“He is mute, too, and knows how to read and write? In English, too?” This was the reaction of one woman to one of our Deaf field workers. We met her out in the villages, 57 kilometers from the city of Kampong Cham. This woman had never been to the city of Kampong Cham and was blown away this future could be possible for her deaf brother as well. As many in the villages do, she described those who are deaf simply using the word mute. The full word commonly used here for a person who cannot hear is mute-deaf, though, unfortunately, that is often just shortened to mute. Our hearing field team in Kampong Cham was doing a great job, in addition to explaining our purpose and programs, explaining the politically correct wording. While all their work was fantastic, it was impressive to see they would take on this challenging issue and address in a way that did not make those receiving the feedback feel they were ignorant or wrong.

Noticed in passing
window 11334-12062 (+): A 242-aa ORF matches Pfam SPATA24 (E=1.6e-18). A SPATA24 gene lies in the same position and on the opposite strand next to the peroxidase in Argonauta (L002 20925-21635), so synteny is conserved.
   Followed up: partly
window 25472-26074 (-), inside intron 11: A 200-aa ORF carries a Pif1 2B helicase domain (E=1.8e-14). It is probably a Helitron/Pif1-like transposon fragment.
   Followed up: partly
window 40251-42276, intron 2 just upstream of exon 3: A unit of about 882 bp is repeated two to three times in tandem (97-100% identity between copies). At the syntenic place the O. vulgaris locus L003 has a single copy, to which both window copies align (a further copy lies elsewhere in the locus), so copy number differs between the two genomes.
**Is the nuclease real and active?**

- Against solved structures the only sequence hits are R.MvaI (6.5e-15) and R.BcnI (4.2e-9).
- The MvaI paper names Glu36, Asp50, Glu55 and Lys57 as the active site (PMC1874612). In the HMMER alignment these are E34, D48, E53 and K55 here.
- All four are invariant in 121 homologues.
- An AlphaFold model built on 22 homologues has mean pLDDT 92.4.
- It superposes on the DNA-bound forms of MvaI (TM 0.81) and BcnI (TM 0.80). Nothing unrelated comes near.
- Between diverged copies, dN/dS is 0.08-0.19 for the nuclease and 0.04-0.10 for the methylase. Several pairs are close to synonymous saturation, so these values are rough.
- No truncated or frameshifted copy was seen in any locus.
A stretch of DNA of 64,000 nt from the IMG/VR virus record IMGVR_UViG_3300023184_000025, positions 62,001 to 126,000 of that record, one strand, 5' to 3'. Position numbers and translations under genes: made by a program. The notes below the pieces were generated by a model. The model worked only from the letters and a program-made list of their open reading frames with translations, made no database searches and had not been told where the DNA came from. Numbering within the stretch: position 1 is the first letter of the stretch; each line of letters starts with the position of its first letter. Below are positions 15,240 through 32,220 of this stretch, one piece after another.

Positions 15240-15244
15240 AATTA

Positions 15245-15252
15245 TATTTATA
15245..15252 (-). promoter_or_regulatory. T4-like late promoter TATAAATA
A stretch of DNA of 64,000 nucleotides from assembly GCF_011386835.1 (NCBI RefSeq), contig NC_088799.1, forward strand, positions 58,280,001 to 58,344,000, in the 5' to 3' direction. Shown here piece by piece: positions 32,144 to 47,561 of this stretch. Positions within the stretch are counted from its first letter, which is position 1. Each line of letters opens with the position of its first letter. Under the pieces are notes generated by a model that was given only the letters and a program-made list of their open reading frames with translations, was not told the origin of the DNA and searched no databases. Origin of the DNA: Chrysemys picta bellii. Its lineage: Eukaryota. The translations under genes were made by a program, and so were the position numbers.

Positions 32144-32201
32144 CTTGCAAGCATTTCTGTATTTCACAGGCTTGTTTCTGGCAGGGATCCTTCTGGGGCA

In one day, the team covered at least 120 kilometers of ground and met six deaf people in two different villages. Two were too young for our program, two were too old, but two will hopefully be able to join our Basic Education project in 2016. The hope in the eyes of the families was astounding, and worth every kink from bumping along in the hot sun. Our field workers showing a young girl photos of DDP, our activities, and projects. She was definitely entranced. Hopefully, in a few more years, she is able to come participate. Another young woman starting to learn the number signs. Each person we met was provided with a sheet showing the letters and numbers, so they can practice on their own. Some of the hand shapes are a challenge for the inexperienced signer, but the field workers eagerly help. Hopefully, the family looking on will not lose their enthusiasm and will continue to be behind this young woman 100%. She caught on very quickly with each new letter. She has been lucky enough that the local school allows her to attend and so she can write the letters and some basic words. This no doubt helped her to better retain those new signs. At our next house, the whole family was enthusiastic to learn about the opportunities for their son/brother/uncle. He also seemed to be fully incorporated into his family and they had a very well developed set of home signs they all used to communicate. This young man loved to look at all the photos the field workers brought to show him. As did his nieces, nephews, siblings, parents, and a few neighbors. He, too, showed great focus in learning the alphabet signs. Though, he did not have much education as the teachers refused to let him advance past the second grade, at which point he stopped attending school. This gracious family offered us the use of their table to eat our lunch, which meant this young man had lots of time to look at the book of signs. He could easily connect the signs and pictures and would laugh out loud at some, showing us the home sign he had developed. His mom and nephew were also enthusiastic to give it a go.